> "So if we can all talk to each other across the world in real time, and we can all understand each other because of this technology, what exactly is the point of different languages anymore?"
A bunch of things. First and foremost: cultural representation. There are many things that are simple words in Chinese that have no English equivalent. The values and traditions of a culture are subtly communicated via its language, and even if we can instantaneously translate the literal meaning of what is being spoken, subtext will be lost.
This is why at a high level (beyond "where is the restroom") translation is a highly involved field.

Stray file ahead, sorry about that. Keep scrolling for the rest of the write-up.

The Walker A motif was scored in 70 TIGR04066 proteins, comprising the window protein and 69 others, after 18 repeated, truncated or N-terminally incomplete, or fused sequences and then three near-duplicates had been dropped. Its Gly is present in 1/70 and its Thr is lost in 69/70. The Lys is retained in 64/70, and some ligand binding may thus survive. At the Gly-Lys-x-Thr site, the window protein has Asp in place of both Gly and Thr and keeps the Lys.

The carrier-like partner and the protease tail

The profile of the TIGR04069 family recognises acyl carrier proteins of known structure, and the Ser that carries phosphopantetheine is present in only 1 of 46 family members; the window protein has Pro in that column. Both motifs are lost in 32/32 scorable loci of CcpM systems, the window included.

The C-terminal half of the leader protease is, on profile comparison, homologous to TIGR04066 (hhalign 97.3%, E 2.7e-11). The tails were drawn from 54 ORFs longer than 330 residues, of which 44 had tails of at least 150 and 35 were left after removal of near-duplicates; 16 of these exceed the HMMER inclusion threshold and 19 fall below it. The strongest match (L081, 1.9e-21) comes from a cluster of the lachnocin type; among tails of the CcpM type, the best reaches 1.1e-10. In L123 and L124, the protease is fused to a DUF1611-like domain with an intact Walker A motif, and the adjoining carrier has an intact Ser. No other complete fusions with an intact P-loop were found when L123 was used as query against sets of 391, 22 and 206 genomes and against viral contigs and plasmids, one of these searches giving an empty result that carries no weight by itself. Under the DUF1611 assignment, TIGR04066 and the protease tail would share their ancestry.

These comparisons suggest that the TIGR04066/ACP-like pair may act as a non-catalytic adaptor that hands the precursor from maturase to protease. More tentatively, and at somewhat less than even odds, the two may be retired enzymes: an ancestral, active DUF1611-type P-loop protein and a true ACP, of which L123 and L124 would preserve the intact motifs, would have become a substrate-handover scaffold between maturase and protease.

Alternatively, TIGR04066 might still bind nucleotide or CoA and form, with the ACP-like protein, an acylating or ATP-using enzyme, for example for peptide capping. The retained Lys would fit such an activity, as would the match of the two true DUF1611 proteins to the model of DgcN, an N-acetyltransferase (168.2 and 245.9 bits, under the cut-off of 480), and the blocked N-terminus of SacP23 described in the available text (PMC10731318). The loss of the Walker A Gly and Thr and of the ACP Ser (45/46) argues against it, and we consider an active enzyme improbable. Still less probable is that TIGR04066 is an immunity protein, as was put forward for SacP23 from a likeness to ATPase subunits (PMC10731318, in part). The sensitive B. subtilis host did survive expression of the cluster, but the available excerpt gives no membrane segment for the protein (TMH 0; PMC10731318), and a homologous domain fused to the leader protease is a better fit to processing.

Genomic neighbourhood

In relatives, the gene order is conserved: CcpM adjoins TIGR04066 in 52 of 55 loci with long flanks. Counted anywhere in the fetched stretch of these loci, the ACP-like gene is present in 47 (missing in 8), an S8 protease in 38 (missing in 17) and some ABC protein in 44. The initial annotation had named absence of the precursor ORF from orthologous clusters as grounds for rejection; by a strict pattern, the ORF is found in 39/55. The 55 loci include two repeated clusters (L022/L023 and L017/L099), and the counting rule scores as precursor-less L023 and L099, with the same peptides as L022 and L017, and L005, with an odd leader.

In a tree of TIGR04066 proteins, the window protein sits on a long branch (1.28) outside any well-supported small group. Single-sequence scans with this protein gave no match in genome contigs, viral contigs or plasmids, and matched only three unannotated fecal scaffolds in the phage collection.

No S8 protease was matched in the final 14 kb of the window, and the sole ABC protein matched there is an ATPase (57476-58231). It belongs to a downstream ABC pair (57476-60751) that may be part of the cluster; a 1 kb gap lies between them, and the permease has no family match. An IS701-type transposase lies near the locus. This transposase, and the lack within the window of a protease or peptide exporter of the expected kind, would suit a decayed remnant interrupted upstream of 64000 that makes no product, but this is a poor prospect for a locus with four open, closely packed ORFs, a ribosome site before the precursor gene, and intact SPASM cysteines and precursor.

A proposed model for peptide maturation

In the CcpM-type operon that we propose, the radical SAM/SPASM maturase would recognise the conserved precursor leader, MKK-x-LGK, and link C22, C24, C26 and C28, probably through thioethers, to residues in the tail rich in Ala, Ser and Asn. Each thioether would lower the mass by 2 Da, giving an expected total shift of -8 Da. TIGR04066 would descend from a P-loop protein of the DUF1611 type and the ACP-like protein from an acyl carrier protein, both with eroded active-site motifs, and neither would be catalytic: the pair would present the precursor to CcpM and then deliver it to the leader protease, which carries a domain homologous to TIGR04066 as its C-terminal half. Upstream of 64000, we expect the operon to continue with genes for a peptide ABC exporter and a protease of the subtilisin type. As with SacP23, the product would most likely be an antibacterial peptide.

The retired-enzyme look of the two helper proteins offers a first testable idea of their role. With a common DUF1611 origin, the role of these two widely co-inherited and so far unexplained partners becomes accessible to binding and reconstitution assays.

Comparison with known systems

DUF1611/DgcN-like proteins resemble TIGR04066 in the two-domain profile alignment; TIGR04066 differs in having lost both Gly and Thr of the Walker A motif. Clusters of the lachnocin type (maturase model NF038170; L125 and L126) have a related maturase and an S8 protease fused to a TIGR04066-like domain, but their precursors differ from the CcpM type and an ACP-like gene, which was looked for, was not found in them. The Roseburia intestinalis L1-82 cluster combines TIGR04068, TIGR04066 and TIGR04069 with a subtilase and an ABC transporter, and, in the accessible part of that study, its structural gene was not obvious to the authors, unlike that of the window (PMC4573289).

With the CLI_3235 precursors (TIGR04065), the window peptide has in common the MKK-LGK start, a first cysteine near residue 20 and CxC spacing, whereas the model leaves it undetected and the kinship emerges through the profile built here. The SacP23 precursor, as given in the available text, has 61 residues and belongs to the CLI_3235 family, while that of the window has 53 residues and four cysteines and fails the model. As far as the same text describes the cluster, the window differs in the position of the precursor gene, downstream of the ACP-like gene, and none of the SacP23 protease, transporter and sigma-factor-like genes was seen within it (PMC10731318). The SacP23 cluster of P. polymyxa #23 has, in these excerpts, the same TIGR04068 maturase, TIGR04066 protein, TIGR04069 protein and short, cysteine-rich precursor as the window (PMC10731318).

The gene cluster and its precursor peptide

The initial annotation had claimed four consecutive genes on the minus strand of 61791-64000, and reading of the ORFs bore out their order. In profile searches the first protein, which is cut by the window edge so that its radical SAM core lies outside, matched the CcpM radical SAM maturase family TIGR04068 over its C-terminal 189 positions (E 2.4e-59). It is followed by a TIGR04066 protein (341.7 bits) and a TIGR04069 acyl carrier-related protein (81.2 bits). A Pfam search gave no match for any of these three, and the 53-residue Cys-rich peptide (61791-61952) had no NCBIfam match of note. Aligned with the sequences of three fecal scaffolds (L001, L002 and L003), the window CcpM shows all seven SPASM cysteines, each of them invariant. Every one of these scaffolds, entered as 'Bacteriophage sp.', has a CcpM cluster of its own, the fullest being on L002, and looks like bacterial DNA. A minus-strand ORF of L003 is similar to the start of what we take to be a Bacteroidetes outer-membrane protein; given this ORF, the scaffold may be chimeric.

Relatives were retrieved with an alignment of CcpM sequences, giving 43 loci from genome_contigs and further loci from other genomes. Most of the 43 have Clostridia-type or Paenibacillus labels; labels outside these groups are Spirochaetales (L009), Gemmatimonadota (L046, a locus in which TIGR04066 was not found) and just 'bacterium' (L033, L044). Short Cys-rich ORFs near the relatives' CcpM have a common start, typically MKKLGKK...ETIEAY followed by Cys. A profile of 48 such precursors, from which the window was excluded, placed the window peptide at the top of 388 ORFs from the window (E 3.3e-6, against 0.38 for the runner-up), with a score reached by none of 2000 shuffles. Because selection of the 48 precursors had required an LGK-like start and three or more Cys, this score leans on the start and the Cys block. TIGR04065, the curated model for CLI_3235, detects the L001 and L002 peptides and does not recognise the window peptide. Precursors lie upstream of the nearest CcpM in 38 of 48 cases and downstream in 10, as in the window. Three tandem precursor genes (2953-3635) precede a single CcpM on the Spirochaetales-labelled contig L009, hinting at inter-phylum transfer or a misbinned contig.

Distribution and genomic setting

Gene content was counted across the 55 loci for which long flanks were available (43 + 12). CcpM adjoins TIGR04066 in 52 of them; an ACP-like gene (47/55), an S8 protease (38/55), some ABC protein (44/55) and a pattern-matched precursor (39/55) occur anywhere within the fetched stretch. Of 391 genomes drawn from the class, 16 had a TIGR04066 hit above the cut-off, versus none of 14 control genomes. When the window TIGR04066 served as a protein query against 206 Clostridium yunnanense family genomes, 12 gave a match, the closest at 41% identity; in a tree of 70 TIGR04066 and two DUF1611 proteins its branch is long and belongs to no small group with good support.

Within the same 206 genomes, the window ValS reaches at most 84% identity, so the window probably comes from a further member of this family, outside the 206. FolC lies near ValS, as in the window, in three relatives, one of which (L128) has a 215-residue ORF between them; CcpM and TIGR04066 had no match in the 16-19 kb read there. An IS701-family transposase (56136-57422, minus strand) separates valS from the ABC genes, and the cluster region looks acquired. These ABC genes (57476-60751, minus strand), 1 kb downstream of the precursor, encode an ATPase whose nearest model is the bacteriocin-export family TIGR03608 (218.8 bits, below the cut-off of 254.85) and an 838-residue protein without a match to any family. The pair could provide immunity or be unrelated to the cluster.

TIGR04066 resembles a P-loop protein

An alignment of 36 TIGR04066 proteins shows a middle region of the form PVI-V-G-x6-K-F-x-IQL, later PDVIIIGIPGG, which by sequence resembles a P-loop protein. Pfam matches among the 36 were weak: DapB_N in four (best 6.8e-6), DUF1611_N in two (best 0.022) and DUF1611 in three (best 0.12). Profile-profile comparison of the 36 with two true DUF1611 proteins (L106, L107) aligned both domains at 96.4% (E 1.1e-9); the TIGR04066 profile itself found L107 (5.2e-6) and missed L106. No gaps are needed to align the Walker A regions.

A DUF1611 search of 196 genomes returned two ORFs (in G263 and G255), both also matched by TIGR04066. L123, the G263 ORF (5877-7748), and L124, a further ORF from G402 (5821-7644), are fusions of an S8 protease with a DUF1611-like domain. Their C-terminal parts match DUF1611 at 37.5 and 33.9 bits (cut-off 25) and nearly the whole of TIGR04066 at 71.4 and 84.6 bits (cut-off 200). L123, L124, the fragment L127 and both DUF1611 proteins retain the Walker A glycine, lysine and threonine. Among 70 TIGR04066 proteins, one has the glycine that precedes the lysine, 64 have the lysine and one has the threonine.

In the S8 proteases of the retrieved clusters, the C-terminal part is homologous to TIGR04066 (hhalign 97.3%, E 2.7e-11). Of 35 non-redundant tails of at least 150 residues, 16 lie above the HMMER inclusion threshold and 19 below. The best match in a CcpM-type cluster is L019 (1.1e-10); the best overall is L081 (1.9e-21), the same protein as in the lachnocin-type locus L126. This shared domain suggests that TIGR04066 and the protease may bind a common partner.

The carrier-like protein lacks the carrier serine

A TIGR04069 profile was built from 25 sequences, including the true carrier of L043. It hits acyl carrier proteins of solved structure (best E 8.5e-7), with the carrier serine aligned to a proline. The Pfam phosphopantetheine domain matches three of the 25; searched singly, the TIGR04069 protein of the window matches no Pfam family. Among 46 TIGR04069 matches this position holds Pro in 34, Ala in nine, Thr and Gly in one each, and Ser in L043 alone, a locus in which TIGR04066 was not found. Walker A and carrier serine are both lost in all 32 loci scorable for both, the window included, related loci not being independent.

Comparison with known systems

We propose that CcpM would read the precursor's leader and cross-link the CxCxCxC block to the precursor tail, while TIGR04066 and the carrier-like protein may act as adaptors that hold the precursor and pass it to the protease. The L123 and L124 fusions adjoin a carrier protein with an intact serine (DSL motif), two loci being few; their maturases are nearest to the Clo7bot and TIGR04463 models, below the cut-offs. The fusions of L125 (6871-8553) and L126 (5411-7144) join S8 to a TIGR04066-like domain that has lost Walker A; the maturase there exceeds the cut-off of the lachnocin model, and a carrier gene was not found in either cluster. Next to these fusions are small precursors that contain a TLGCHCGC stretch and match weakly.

Secondly is the usability of this system. Even if it is 100% accurate and immediate you'll just end up with the UN problem: communication becomes asynchronous because you need to wait for the translator. You'd say one thing, the other person would listen to your translator. He'll say something back, and you get to listen to his translator. It's a hell of a lot better than nothing, but there is still a tremendous advantage to being able to converse in real-time.